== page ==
The Vote Leave campaign was proven to have lied extensively about the benefits of Brexit. But beyond that, it actually broke election laws in its spending. It deliberately did not disclose the full extent of its campaign spending and after a full investigation, the Electoral Commission found it had exceeded spending limits.
The Vote Leave campaign employed a litany of underhand campaigning tricks to get voters to back Brexit. Not only was there the high-profile claim that once Britain left the EU it would have an additional £350 million per week to spend on the NHS, but it also gave hundreds of thousands of pounds to a firm linked to Cambridge Analytica.   Following a comprehensive investigation, Britain’s electoral watchdog, the Electoral Commission, fined Vote Leave £61,000 for exceeding the spending limit of £7 million by some £500,000. It still remains to be seen in what other ways Vote Leave campaigned in breach of British law. An inquiry is still being carried out by the Information Commissioner’s Office investigating Vote Leave’s use of voter’s personal data. It may yet find that Vote Leave breached more campaign laws. Given the findings, it is clear that the Vote Leave campaign behaved illegally. Therefore, the first referendum cannot be considered fair or legitimate. The only logical move would be to have another referendum in which both sides campaign within the Electoral Commission’s legal guidelines.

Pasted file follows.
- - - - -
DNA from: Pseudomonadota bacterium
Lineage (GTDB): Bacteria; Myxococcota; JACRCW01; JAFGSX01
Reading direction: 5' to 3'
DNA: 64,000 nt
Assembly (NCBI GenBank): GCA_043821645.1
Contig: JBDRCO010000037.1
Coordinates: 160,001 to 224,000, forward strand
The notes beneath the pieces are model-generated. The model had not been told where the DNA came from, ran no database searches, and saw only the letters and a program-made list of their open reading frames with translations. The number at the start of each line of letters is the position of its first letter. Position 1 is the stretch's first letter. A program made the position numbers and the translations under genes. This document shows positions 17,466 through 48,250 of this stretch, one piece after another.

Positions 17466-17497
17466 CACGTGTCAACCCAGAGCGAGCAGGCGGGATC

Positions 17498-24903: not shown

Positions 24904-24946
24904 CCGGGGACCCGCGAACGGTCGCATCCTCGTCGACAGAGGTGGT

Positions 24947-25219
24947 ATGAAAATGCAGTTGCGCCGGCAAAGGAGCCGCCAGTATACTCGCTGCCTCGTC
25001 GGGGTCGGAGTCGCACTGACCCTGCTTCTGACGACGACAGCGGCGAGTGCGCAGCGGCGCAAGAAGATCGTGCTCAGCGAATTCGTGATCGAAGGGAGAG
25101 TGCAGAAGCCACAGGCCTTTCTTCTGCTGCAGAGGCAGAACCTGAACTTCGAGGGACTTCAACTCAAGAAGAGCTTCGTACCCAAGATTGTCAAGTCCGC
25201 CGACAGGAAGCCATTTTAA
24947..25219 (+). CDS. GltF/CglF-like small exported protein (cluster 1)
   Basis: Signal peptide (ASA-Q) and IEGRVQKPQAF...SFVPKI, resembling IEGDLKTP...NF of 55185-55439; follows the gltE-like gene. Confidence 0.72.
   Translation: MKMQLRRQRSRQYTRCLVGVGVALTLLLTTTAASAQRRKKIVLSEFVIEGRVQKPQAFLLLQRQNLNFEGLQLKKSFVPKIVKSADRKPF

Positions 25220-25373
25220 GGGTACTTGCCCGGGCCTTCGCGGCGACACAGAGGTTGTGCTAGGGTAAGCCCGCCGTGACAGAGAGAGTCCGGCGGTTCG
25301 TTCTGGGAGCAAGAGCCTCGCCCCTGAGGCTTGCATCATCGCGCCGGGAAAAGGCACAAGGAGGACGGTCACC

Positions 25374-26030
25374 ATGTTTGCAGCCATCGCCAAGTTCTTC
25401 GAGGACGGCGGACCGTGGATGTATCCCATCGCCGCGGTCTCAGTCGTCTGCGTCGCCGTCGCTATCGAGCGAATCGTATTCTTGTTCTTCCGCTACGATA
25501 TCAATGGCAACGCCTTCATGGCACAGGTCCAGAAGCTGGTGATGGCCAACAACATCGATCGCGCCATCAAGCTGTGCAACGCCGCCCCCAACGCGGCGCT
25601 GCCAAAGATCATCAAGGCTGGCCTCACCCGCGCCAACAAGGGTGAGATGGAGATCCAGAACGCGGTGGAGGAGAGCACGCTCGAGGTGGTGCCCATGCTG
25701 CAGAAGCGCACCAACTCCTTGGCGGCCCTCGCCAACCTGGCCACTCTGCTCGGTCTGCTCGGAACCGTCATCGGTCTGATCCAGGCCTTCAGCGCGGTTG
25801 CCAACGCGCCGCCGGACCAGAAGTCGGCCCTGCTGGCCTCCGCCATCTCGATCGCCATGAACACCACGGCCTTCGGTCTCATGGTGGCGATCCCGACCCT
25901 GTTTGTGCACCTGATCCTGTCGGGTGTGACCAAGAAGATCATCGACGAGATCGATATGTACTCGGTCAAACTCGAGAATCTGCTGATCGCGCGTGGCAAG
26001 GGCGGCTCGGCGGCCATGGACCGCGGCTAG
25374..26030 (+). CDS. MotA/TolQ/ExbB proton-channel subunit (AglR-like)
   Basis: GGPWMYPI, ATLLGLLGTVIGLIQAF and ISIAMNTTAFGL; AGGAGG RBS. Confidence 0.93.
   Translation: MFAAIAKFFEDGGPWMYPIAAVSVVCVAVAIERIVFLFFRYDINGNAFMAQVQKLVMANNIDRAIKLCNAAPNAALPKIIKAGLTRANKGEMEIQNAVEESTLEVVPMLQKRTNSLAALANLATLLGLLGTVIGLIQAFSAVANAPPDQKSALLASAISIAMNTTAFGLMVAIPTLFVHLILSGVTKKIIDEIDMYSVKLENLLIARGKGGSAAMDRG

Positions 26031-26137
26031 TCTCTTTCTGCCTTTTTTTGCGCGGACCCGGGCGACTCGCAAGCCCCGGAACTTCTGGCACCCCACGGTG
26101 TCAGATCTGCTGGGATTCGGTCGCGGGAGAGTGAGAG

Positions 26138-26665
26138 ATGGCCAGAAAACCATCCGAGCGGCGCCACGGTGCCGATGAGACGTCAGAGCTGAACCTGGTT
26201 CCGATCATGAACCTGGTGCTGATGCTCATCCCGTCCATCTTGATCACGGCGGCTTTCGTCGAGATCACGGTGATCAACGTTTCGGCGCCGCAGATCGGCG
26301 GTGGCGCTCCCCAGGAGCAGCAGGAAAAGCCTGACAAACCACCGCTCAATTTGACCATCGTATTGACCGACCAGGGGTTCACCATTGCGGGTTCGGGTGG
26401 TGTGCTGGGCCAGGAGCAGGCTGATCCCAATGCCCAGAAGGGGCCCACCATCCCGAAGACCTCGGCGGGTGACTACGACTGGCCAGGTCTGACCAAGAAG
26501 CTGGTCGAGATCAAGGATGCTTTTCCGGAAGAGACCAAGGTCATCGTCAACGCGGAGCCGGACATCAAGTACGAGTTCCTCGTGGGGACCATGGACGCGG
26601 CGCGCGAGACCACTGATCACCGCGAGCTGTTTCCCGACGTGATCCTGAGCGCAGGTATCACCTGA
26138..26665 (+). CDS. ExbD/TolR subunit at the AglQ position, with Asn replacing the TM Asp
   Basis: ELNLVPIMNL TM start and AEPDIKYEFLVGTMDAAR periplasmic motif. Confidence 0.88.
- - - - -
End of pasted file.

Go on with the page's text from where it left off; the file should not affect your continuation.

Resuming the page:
The Electoral Commission is not exactly an impartial institution in this case. Arron Banks, Vote Leave’s founder, called the commission’s decision to fine Vote Leave, “a politically motivated attack on Brexit”. He also suggested that the commission was comprised almost entirely of remainers, rendering the institution entirely unfit to investigate Vote Leave and oversee the Brexit referendum.
Vote Leave broke UK laws regarding campaign financing. Therefore, its referendum victory is not legitimate. Therefore, there should be another legitimate referendum.
Rejecting the premises
Vote Leave did not break the law. The body that suggested it did was not impartial.